The Mattatuck Trail travels along the southern end of Black Rock State Park, near Black Rock Pond. It crosses a series of small wooden footbridges over outlet streams of Black Rock Pond.
In about 0.75 mile, from the start of the hike, the Mattatuck Trail crosses Bidwell Hill Road, leaving Black Rock State Park. The trail crosses the road diagonally to the right and reenters the woods, entering Mattatuck State Forest.
The trail heads uphill on a woods road and in another 540 feet, turns left leaving the woods road and weaves its way through the woods, crossing a small stream, turning left (heading north) then turning right and crossing US-6 (Thomaston Rd). Care should be taken while crossing this road
The trail reenters the woods and now begins a steady climb. At times the trail climbs steeply over rock slabs which could be slick, if wet or covered with leaves.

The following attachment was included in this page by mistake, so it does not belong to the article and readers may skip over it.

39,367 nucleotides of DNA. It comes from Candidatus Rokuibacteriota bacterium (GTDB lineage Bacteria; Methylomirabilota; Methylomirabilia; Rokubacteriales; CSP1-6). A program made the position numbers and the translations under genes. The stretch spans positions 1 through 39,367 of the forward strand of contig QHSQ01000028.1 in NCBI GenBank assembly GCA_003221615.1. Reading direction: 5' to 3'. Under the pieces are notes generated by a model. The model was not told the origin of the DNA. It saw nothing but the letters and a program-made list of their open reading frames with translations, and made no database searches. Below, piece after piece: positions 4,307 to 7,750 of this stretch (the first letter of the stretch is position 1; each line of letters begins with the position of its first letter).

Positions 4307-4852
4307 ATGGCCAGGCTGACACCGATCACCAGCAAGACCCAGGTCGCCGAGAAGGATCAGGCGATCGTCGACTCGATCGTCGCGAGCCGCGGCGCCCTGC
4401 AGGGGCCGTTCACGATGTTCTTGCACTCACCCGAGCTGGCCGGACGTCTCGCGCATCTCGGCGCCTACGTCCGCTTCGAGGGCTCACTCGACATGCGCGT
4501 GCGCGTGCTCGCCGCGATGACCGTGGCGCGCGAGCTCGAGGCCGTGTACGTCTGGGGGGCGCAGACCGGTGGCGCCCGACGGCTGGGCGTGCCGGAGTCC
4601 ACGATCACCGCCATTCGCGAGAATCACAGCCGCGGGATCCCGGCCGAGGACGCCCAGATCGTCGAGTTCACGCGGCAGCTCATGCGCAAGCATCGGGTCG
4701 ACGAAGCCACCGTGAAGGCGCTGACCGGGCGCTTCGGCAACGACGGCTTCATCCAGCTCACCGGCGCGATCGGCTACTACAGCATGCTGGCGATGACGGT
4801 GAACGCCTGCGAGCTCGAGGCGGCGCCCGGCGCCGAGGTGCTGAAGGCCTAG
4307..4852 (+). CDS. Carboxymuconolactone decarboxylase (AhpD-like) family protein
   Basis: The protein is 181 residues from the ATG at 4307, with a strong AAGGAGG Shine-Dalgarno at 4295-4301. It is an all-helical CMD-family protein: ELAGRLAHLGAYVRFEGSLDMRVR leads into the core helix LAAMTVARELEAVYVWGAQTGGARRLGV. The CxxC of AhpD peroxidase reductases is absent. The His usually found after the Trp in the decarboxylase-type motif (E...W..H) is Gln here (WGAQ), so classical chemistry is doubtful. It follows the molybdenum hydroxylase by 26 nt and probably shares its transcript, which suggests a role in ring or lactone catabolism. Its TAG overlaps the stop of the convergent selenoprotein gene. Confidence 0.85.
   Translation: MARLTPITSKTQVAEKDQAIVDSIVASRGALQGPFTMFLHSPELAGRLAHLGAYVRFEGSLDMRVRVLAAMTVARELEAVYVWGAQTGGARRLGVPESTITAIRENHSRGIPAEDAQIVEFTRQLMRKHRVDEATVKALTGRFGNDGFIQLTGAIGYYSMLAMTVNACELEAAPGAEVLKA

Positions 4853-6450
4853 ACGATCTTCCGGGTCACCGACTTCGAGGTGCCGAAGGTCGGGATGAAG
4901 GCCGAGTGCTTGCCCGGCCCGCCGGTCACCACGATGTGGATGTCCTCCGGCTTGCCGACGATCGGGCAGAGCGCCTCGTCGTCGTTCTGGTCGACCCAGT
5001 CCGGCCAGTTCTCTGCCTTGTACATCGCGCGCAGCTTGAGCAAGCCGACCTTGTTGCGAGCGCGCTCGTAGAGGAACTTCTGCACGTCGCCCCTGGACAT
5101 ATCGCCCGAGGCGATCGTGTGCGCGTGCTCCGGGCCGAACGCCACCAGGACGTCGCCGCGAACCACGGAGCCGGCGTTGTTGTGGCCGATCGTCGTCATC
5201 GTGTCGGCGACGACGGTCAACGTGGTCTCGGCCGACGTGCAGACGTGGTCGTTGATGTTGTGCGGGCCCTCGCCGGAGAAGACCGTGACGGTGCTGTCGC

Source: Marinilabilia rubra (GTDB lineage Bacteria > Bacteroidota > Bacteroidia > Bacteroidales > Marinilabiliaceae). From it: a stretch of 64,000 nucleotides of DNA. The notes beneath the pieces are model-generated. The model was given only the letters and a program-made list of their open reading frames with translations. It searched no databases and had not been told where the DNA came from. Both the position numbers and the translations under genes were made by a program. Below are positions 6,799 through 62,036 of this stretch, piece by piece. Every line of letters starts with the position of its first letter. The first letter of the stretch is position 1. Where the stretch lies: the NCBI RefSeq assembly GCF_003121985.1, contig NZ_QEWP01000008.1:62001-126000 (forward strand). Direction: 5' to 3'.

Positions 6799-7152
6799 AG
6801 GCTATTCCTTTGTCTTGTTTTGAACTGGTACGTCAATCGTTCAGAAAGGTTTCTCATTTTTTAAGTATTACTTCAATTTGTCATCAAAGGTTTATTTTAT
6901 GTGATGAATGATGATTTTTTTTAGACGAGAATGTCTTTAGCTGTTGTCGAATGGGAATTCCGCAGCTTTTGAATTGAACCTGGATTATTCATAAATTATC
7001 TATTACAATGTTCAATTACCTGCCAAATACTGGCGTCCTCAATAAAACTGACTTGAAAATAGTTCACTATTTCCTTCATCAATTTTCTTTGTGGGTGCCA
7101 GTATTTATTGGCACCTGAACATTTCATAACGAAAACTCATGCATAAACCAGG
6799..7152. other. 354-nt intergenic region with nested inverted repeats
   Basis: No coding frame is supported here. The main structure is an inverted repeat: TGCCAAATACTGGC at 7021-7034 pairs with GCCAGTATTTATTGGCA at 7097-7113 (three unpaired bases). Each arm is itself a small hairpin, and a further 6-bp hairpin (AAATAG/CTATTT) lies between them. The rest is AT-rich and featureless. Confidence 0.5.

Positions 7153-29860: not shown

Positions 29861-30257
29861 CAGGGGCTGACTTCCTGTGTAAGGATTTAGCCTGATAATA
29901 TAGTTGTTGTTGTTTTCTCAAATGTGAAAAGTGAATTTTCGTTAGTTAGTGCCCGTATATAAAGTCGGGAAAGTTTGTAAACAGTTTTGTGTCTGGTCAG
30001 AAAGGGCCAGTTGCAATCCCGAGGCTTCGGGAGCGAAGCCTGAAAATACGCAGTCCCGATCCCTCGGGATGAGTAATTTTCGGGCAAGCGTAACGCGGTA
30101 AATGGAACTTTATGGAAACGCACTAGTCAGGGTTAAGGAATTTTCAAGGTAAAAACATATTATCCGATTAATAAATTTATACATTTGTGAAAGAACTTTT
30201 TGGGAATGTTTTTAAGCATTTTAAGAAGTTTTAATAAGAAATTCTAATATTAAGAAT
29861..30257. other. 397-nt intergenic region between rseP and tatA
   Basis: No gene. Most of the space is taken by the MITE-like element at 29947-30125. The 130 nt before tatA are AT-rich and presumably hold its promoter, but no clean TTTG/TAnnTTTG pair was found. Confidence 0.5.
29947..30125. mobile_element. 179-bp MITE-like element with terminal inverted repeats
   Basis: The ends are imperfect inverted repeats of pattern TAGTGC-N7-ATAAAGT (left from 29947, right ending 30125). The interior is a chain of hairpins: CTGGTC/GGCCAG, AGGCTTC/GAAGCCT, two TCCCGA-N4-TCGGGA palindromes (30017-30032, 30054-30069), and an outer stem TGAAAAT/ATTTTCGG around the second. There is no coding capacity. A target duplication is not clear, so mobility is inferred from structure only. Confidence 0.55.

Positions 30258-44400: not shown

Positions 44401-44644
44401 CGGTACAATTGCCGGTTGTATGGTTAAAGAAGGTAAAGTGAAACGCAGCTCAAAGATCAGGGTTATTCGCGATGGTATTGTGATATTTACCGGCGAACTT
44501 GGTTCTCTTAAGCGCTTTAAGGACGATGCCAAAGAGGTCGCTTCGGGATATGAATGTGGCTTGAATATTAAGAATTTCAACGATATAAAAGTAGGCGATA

The trail levels off briefly then resumes its steep ascent over a large rock formation. Once at the top of the rock formation, looking back, some partial views can be had. The trail levels off a little, traveling along slanted rock slabs with steep drop offs to the left.
The trail descends a little, climbs slightly then descends steeply into the valley, intersecting several woods roads as it passes through a wet area on wooden planks.
The trail turns left and begins to climb more steeply on rock slabs, then through a section of trail that is extremely rutted. At the top of the rise, the trail turns left as it reaches a junction with an unmarked trail.
The Mattatuck Trail comes out on open rock at Crane’s Lookout. From here, you can see the countryside about 270 degrees all around you. You are now standing above the Leatherman’s Cave.